Adverse effects

As with other opioid analgesics, central nervous system effects (such as sedation, confusion, and dizziness) are considerations with butorphanol. Nausea and vomiting are common. Less common are the gastrointestinal effects of other opioids (mostly constipation). Another side effect experienced by people taking the medication is increased perspiration.

Proprietary preparations

Butorphanol is available in the U.S. as a generic drug; it is available in various nations under one of any number of trade names, including Moradol and Beforal (Brand name Stadol no longer available in the US); veterinary trade names include Butorphic, Dolorex, Morphasol, Torbugesic, and Torbutrol.

Use in horses

Butorphanol is a commonly used narcotic for pain relief in horses. It is administered either IM or IV, with its analgestic properties beginning to take effect about 15 minutes after injection and lasting 4 hours. It is also commonly paired with sedatives, such as xylazine and detomidine, to make the horse easier to handle during veterinary procedures.

Side effects, overdose, and precautions

Side effects specific to horses include sedation, CNS excitement (displayed by head pressing or tossing). Overdosing may result in seizures, falling, salivation, constipation, and muscle twitching. If an overdose occurs, a narcotic antagonist, such as naloxone, may be given. Caution should be used if Butorphanol is administered in addition to other narcotics, sedatives, depressants, or antihistamines as it will cause an additive effect.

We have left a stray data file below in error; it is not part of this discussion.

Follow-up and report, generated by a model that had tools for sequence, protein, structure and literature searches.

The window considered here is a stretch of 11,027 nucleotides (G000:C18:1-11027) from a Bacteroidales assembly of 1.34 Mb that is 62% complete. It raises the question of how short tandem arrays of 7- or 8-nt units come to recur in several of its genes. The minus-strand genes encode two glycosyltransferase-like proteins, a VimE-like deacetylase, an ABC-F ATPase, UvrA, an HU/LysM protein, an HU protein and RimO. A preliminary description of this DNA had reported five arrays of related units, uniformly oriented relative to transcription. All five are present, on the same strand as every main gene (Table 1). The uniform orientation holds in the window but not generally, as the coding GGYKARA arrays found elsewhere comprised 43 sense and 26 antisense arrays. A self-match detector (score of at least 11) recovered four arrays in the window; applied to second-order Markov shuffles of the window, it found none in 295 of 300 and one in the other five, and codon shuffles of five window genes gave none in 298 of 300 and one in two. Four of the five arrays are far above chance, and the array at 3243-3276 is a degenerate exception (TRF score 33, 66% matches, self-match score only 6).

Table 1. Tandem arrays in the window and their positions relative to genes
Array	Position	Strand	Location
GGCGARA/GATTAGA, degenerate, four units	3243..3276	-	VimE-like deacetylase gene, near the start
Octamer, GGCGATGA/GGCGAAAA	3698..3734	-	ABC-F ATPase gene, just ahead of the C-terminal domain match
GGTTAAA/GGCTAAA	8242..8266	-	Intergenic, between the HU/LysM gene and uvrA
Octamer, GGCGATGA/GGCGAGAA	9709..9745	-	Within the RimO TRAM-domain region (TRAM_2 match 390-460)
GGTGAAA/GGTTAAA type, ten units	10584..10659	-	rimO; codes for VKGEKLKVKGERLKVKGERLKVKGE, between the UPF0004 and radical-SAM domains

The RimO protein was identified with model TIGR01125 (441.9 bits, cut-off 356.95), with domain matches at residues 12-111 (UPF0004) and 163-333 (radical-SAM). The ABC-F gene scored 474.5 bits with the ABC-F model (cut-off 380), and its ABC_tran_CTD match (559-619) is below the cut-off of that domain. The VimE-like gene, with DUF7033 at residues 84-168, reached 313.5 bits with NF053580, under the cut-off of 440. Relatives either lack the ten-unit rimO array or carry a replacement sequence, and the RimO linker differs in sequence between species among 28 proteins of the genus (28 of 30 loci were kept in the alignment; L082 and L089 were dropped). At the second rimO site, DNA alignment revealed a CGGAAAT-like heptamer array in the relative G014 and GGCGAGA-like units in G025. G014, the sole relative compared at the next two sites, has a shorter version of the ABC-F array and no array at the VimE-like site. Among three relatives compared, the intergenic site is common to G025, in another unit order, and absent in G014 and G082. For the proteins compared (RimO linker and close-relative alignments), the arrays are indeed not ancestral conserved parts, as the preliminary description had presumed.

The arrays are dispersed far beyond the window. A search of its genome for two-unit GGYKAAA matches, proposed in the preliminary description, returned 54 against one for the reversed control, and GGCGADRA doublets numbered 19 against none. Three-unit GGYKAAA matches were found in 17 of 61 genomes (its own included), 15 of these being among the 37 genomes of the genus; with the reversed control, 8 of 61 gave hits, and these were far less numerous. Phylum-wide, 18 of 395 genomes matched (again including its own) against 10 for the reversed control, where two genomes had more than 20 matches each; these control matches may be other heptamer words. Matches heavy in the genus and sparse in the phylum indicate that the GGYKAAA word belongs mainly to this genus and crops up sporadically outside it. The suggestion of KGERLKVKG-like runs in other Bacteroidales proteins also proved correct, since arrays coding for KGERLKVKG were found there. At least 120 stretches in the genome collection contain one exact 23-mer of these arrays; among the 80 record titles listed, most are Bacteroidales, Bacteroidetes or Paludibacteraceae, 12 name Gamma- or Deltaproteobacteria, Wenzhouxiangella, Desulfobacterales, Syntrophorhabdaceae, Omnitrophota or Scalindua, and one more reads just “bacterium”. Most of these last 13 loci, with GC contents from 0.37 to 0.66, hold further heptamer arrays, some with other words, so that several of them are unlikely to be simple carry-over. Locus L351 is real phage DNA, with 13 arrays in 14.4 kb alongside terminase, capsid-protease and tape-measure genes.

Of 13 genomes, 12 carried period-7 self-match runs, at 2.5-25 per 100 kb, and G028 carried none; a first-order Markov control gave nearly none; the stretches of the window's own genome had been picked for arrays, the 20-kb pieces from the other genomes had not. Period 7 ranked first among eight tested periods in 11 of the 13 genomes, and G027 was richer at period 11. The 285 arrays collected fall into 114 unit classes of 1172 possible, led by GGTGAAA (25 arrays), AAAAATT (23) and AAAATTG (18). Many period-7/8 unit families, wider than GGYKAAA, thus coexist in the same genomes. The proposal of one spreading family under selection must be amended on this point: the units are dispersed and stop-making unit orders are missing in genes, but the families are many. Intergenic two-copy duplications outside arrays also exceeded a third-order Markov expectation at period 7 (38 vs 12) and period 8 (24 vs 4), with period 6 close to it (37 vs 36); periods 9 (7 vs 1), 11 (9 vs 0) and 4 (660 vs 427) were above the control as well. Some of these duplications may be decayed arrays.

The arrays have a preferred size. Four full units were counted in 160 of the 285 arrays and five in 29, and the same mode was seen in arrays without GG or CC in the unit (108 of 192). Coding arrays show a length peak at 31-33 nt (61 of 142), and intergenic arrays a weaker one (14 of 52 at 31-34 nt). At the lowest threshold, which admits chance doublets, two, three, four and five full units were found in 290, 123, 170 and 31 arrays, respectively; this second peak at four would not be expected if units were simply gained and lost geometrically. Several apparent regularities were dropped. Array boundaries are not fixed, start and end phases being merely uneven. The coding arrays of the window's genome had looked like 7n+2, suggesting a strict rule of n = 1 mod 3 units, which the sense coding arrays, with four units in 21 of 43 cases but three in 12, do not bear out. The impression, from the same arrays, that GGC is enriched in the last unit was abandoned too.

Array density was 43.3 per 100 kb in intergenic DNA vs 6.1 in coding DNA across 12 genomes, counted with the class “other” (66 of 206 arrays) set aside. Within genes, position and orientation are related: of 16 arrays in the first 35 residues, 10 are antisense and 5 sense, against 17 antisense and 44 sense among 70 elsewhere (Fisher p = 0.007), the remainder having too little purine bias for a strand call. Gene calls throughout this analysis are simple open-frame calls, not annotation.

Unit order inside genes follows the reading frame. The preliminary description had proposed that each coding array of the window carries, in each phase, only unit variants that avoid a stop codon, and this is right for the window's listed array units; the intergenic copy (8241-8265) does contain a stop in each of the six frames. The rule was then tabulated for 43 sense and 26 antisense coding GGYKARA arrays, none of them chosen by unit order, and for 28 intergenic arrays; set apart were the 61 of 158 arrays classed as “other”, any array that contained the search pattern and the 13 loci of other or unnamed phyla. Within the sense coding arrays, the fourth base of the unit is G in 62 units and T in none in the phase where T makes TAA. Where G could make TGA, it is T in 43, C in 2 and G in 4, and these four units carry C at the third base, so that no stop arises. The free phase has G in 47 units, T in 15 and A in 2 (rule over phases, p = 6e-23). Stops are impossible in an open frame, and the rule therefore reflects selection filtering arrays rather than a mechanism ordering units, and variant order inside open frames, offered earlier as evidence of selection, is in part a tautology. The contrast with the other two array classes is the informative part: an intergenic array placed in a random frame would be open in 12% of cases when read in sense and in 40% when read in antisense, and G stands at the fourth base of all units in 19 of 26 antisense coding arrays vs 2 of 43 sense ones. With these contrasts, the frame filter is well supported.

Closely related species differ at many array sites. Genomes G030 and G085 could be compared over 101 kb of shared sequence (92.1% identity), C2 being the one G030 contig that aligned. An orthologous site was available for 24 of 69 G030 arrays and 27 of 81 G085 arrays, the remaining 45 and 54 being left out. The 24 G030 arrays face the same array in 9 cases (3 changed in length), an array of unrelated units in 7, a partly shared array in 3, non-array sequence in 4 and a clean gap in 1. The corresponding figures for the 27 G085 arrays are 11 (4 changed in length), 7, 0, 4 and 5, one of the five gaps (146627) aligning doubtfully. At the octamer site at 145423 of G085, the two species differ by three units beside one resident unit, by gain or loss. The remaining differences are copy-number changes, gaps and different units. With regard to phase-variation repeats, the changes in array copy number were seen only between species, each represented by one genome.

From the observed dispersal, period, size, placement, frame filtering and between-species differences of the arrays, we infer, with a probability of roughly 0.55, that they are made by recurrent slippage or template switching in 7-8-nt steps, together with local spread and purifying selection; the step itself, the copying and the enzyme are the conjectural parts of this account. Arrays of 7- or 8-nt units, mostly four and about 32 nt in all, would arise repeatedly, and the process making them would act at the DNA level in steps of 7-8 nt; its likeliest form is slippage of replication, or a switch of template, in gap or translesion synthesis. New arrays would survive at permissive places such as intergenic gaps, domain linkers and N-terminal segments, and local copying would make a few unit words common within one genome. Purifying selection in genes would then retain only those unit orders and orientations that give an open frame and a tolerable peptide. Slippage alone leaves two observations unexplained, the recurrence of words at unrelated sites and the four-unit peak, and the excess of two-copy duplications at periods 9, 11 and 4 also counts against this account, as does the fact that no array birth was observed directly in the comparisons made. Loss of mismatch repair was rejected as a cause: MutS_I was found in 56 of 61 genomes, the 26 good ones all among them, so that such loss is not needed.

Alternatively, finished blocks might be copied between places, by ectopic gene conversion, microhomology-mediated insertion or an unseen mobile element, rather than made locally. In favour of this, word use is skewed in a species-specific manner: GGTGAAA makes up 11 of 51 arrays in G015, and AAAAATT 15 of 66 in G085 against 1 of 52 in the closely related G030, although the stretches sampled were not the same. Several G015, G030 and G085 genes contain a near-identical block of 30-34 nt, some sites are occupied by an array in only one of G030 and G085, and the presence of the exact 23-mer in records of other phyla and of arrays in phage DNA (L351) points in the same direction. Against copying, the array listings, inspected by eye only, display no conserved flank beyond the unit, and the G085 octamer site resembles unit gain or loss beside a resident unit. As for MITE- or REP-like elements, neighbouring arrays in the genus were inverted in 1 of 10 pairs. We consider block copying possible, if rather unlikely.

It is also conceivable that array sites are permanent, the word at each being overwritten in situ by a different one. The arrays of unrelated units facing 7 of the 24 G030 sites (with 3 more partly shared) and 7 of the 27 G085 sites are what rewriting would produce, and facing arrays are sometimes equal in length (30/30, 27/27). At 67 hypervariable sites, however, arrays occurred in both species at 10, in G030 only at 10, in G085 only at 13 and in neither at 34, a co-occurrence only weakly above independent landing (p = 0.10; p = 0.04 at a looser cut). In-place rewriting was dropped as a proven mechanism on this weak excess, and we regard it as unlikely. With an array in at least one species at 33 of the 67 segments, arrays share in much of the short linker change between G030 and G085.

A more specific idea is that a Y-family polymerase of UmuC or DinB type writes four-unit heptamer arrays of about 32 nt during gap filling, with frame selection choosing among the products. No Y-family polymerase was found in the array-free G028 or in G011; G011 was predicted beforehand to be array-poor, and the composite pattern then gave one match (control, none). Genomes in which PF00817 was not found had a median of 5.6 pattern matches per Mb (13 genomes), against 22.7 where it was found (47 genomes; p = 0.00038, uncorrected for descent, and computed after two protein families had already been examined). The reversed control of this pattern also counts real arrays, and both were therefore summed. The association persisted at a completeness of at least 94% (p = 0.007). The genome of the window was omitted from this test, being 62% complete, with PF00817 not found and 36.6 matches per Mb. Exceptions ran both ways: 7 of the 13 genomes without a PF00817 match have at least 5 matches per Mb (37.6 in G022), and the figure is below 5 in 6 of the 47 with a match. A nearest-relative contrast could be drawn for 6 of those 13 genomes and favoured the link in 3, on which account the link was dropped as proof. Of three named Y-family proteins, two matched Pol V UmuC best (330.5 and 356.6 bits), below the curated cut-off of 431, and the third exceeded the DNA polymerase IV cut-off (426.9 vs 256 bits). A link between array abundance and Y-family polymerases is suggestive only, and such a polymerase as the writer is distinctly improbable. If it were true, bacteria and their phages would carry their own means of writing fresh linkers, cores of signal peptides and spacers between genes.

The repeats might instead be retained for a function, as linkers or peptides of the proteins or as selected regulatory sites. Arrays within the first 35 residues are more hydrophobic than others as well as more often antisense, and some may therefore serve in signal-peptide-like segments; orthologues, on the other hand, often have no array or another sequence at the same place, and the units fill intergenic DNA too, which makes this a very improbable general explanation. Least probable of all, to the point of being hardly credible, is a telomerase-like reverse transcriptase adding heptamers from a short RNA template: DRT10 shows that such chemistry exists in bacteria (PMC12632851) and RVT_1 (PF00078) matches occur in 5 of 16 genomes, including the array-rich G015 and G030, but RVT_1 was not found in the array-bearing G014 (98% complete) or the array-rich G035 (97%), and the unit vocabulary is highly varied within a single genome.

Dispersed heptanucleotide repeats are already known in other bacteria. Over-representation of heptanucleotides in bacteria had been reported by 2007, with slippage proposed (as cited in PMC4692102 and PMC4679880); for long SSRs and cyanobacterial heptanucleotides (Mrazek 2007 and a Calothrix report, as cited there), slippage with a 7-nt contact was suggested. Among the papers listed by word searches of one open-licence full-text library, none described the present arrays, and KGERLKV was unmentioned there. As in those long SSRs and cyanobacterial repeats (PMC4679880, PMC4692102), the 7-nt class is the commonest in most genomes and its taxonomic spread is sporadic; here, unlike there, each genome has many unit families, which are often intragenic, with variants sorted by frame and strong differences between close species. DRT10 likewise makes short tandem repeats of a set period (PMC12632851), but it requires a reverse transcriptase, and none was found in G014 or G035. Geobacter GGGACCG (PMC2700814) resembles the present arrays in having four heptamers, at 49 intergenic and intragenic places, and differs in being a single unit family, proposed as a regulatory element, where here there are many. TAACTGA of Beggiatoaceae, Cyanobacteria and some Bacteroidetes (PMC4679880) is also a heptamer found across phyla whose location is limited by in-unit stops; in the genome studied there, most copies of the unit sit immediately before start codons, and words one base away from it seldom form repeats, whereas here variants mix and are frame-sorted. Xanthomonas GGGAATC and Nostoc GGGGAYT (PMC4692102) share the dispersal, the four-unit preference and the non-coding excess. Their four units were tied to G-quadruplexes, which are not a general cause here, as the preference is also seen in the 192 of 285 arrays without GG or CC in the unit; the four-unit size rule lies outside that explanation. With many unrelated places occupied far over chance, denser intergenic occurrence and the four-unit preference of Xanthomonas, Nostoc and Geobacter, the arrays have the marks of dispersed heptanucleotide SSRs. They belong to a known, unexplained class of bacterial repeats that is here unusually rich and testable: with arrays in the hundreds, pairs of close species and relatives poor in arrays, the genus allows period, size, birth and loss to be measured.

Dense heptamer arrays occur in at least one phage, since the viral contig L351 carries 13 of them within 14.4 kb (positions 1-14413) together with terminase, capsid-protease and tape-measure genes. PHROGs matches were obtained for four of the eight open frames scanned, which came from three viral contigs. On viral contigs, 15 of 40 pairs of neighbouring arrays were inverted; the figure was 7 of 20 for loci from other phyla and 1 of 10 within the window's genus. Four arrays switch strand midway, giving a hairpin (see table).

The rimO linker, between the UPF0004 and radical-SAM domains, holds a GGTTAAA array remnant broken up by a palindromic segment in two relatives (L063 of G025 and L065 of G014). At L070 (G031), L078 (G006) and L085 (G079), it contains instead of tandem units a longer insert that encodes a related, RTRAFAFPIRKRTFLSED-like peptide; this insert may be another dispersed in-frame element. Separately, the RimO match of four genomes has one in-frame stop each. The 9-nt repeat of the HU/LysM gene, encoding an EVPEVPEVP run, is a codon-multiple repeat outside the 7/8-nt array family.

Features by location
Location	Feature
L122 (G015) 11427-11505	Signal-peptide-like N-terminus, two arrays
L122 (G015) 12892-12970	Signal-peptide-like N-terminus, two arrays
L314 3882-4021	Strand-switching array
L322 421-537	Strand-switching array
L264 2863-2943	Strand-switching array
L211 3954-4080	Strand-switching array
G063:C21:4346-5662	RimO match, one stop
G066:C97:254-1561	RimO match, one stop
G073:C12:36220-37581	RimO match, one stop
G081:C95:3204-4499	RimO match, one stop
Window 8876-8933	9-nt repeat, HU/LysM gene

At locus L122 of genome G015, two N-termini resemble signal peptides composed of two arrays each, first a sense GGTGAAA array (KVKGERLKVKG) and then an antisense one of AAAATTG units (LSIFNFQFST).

Butorphanol can cross the placenta, and it will be present in the milk of lactating mares who are given the drug.

The drug is also prohibited for use in competition by most equestrian organizations, including the FEI, which considers it a class A drug.

In addition to horses, butorphanol with or without acepromazine is frequently used in veterinary settings for post-operative and accident-related pain in small mammals such as dogs, cats, ferrets, coatis, raccoons, mongooses, various marsupials, some rodents and perhaps some larger birds both in the operating suite and as a regular prescription medication for home use for management of moderate to severe pain. The efficacy of opioids (as well as other drugs that slow down the system like anaesthetics) in treating reptiles is a question about which there is currently not a lot of data.

See also


  1. US Patent 3775414 - Process for the Preparation of 14-hydroxymorphinan Derivatives
  2. http://www.deadiversion.usdoj.gov/quotas/conv_factor/index.html
  3. http://www.deadiversion.usdoj.gov/schedules/orangebook/a_sched_alpha.pdf
  4. 1 2 Gear, RW; Miaskowski C; Gordon NC; Paul SM; Heller PH; Levine JD (November 1999). "The kappa opioid nalbuphine produces gender- and dose-dependent analgesia and antianalgesia in patients with postoperative pain". Pain. 83 (2): 339–45. doi:10.1016/S0304-3959(99)00119-0. PMID 10534607.
  5. Gharagozlou, Parham; Hashemi, Ezzat; DeLorey, TimothyM; Clark, J David; Lameh, Jelveh (2006). "Pharmacological profiles of opioid ligands at Kappa opioid receptors". BMC Pharmacology. 6 (1): 3. doi:10.1186/1471-2210-6-3. ISSN 1471-2210.
  6. NOAH Compendium of Data Sheets for Animal Medicines 2005